Science Fair Project Encyclopedia
One of the most famous German novels of all time, Effi Briest (1894) is realist Theodor Fontane's masterpiece. Thomas Mann once said that if one had to reduce one's library to six novels, Effi Briest would have to be one of them. Its influence on Mann's early work Buddenbrooks is evident. Along with the more famous Anna Karenina and Madame Bovary, the novel forms a trilogy on marriage in the 19th century from the female point of view. All three are adultery tragedies. (See also Adultery in literature.)
Effi Briest is the daughter of a nobleman in northern Germany. At seventeen, she is married off to Baron Geert von Innstetten, a man twice her age who years ago had courted her mother and been turned down because of his insufficient social position, which he has in the meantime improved.
Effi, still practically a child, but attracted by notions of social honour, consents to living in the small Baltic town of Kessin, where she is miserably unhappy. Her husband is away for weeks at a time, she finds but one companion in the whole town, being snubbed by the local aristocracy, and her suspicions that their house may be haunted are, perhaps on purpose, not completely laid to rest by Innstetten.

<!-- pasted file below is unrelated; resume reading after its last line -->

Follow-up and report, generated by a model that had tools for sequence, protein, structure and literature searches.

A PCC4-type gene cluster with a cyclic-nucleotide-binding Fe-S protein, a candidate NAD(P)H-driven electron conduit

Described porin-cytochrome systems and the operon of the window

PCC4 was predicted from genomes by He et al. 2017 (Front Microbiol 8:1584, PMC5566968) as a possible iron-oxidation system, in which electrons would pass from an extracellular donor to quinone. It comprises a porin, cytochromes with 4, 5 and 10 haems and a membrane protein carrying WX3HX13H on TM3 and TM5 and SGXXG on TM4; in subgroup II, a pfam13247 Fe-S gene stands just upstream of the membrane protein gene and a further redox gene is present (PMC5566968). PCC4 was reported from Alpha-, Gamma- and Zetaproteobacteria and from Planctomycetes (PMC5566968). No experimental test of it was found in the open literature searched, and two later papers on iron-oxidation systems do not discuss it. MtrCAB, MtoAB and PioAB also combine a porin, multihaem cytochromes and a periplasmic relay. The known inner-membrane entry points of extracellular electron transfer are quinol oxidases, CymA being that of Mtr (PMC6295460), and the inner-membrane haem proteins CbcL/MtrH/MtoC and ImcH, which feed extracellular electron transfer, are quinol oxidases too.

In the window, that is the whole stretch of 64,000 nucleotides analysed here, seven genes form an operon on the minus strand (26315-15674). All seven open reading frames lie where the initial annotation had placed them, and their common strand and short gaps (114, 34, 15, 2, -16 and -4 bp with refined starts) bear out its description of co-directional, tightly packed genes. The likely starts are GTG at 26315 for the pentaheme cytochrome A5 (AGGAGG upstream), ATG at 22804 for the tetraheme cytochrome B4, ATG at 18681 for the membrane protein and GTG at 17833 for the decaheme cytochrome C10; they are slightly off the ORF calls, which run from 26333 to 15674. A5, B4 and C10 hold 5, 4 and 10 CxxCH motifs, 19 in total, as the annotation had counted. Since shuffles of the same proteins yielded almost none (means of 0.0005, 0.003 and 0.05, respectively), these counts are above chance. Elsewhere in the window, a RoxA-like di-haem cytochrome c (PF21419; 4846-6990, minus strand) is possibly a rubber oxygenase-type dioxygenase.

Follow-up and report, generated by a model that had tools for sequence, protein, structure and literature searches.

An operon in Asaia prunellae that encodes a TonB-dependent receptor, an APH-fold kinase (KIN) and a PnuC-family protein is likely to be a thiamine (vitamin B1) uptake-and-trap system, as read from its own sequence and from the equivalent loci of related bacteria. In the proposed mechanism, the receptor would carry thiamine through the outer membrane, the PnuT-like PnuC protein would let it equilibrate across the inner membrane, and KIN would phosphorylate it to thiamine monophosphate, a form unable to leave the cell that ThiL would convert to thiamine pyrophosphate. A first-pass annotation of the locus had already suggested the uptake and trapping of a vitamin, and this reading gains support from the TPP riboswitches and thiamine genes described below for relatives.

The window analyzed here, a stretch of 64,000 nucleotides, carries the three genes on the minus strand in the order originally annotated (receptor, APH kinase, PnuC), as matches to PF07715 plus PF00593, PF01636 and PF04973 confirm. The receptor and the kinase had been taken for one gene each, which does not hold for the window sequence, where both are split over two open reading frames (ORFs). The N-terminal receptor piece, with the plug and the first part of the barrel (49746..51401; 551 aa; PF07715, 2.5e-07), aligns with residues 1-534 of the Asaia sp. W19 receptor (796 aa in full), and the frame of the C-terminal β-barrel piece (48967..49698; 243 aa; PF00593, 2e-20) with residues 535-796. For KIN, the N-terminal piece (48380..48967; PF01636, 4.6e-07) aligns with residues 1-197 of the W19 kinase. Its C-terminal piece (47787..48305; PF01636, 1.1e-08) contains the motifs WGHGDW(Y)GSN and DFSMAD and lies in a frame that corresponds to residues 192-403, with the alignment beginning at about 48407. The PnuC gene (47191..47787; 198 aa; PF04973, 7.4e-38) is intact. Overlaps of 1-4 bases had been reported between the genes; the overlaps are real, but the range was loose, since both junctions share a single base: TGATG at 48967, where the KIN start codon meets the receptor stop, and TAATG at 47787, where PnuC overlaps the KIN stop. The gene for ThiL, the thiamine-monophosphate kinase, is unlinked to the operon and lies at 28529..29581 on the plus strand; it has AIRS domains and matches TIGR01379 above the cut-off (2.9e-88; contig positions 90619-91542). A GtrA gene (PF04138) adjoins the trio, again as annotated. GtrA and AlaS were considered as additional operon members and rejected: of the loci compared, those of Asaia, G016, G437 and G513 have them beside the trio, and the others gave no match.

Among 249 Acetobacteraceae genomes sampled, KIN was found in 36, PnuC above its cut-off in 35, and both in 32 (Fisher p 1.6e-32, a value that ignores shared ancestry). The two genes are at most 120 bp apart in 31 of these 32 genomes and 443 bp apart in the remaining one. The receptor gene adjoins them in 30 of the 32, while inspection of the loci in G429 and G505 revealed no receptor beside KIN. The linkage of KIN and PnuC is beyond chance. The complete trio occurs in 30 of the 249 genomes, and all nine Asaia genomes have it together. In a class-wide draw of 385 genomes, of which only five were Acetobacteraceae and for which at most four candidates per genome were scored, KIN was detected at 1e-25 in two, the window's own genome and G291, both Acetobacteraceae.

The genial and somewhat crass Major Crampas comes to town, and although he is married and known as a womanizer, Effi cannot help but enjoy his attentions. Although we are only delicately told, a full relationship is consumed.
Years later Effi's daughter Annie is growing up, the family has moved to Berlin as Innstetten moves up in the ranks, and all in all things have turned out well for Effi. But perchance her ancient correspondence with Crampas sees the light of day, and Innstetten decides immediately to divorce her. He is given custody of their daughter.
Miserable Effi lives alone, as, covered by scandal as she is, her parents will not take her back. Crampas is challenged to a duel and killed by Innstetten, who all along feels that the drastic measures he has taken were not actually necessary. His life, too, is ruined.
Effi is finally taken in by her parents, and dies serenely at the estate of Hohen Cremmen, in a very symmetrical ending that matches the beginning of the novel. Her parents vaguely realize their responsibility in her unhappiness, but their lack of intelligence and sensitivity prohibits them from fully understanding the meaning of what happened and its reasons.
- Penguin Books, 1967 ISBN 0140441905
- English translation by Hugh Rorrison and Helen Chamber, Angel Books 1996 ISBN 0946162441, reissued by Penguin (in Penguin Classics) 2001 ISBN 0140447660
- — German language edition.
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